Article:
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ISRO to launch Aditya- L1 mission to study the Sun on Sept 2

Aditya-L1 is equipped with seven payloads.

Indian Space Research Organisation (ISRO) announced on Monday that it will launch the Aditya-L1 Solar Mission, India’s first space-based observatory to study the Sun, on September 2 from Sriharikota.

ISRO  tweeted: “The launch of Aditya-L1, the first space-based Indian observatory to study the Sun, is scheduled for September 2, 2023, at 11:50 Hrs IST from Sriharikota. Citizens are invited to witness the launch from the Launch View Gallery at Sriharikota by registering here: SPACE THEME PARK, SRIHARIKOTA

Commencement of registration will be announced there.”

The spacecraft is expected to be placed in a halo orbit around the Lagrange point 1 (L1) of the Sun-Earth system, which is about 1.5 million kilometres from Earth.

A satellite placed around the L1 point has a major advantage of continuously viewing the Sun without any occultation/eclipses. This will provide a greater advantage of observing the solar activities and its effect on space weather in real time,” ISRO said.

Aditya-L1 will be equipped with seven payloads. Four of these will remotely sense the Sun, focusing primarily on the chromosphere and corona.

Aditya-L1 will be equipped with seven payloads. Four of these will remotely sense the Sun, focusing primarily on the chromosphere and corona, which are the outermost layers of the Sun, using electromagnetic particle and magnetic field detectors. The other three will conduct in-situ observations.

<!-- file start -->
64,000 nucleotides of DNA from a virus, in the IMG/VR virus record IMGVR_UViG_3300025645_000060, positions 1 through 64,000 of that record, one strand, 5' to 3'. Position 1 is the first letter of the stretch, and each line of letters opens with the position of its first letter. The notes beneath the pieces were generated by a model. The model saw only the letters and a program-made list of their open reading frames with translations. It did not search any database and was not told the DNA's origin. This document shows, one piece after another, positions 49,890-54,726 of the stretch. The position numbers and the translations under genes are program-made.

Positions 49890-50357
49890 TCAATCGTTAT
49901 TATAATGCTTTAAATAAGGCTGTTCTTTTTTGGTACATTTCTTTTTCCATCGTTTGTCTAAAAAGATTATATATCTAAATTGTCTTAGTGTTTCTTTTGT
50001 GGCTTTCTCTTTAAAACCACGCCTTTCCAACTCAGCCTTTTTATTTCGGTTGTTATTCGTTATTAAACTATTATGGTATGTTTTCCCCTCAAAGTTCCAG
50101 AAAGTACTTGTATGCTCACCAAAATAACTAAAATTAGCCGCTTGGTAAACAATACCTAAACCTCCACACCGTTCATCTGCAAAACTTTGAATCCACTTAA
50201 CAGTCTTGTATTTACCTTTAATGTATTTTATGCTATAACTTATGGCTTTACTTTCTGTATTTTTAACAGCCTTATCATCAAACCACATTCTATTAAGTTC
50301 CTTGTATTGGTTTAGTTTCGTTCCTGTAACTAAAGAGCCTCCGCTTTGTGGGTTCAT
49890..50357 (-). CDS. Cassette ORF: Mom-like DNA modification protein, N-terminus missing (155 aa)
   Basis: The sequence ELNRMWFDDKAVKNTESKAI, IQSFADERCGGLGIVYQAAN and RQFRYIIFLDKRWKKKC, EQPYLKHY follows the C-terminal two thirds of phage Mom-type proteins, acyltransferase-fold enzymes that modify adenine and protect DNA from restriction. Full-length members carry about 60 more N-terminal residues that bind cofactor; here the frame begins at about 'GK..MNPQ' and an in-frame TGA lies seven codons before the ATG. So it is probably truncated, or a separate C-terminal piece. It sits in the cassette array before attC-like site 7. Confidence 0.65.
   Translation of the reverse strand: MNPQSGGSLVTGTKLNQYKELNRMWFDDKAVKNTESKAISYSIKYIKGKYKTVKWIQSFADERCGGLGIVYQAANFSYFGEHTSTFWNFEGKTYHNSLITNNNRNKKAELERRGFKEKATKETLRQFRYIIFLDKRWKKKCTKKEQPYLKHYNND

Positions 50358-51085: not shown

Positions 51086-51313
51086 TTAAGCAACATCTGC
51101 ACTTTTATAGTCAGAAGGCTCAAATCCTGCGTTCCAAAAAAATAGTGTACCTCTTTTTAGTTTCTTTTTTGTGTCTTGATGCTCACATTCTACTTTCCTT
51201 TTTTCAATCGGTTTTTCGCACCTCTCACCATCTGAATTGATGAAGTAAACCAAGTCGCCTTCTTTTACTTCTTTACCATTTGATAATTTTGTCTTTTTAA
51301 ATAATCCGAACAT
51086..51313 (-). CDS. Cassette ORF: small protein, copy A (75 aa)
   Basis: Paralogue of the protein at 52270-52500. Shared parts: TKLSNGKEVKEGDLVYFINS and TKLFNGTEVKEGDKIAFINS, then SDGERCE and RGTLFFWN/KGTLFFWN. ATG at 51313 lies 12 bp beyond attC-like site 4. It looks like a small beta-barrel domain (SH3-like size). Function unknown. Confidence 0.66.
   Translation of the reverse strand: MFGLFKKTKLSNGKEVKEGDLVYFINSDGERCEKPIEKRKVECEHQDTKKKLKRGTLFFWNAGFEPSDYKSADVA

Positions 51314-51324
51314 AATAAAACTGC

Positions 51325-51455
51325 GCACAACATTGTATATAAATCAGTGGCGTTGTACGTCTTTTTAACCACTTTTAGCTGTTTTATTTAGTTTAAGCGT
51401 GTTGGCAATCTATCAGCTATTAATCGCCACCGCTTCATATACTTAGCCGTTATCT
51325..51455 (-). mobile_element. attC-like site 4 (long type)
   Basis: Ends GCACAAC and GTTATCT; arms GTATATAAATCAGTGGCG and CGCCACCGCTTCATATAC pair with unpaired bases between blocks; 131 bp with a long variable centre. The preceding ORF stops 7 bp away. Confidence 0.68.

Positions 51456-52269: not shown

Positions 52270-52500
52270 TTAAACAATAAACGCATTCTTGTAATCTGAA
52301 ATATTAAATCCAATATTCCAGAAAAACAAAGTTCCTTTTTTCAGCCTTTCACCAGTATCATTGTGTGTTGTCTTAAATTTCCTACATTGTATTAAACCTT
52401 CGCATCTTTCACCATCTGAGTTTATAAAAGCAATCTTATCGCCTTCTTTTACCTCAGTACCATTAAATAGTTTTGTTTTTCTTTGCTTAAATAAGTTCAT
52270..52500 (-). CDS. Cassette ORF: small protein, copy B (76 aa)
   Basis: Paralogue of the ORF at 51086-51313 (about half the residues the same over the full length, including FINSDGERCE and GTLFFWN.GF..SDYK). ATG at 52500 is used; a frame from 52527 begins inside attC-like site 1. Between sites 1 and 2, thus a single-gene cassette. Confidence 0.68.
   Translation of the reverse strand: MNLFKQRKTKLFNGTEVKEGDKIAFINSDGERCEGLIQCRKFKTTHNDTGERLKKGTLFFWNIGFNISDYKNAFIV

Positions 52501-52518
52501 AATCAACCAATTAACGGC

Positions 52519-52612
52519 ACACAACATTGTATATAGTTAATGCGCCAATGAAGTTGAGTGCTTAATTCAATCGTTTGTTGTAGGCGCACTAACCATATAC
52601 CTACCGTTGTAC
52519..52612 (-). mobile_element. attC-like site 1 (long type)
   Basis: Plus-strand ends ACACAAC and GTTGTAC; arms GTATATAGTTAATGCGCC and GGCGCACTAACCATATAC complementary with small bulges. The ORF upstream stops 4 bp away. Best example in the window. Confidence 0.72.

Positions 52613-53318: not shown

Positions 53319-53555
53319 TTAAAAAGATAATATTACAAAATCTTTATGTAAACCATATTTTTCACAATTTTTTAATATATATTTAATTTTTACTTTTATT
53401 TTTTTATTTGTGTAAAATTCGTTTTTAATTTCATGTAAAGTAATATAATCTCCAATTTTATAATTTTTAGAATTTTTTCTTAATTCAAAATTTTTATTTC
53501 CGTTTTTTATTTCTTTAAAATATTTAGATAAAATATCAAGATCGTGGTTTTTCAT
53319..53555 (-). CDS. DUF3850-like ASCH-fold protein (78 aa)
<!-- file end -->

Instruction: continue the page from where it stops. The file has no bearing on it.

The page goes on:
Aditya L1 will look at the Sun continuously hence it can forewarn scientists of imminent solar electro-magnetic effects on Earth. This will help protect our satellites, and other power electrical and communications networks from getting disrupted and help continuing normal operations by operating them in safe mode, till the solar storm blows over.

The Aditya-L1 mission will carry out the study of Solar upper atmospheric (chromosphere and corona) dynamics. Study of chromospheric and coronal heating, physics of the partially ionized plasma, initiation of the coronal mass ejections, and flares. Observe the in-situ particle and plasma environment providing data for the study of particle dynamics from the Sun,” an official statement issued by ISRO said.

“Physics of solar corona and its heating mechanism. Diagnostics of the coronal and coronal loops plasma: Temperature, velocity and density. Development, dynamics and origin of CMEs.

It will identify the sequence of processes that occur at multiple layers (chromosphere, base and extended corona) which eventually leads to solar eruptive events. Magnetic field topology and magnetic field measurements in the solar corona. Drivers for space weather (origin, composition and dynamics of solar wind,” the statement added.

The development comes close on the heels of the Chandrayaan-3 mission making  a perfect landing near the unexplored South Pole of the moon in a first for any country in the world.

The Pragyan rover and Vikram lander are now exploring the lunar surface for 14 days to gather scientific data which they are sending back to space agency ISRO. The success of Chandrayaan-3 has made India only the fourth country, after the US, China, and Russia, to have landed on the moon’s surface.

Also read: Watch: Chandrayaan-3’s Prayag rover exploring South Pole of Moon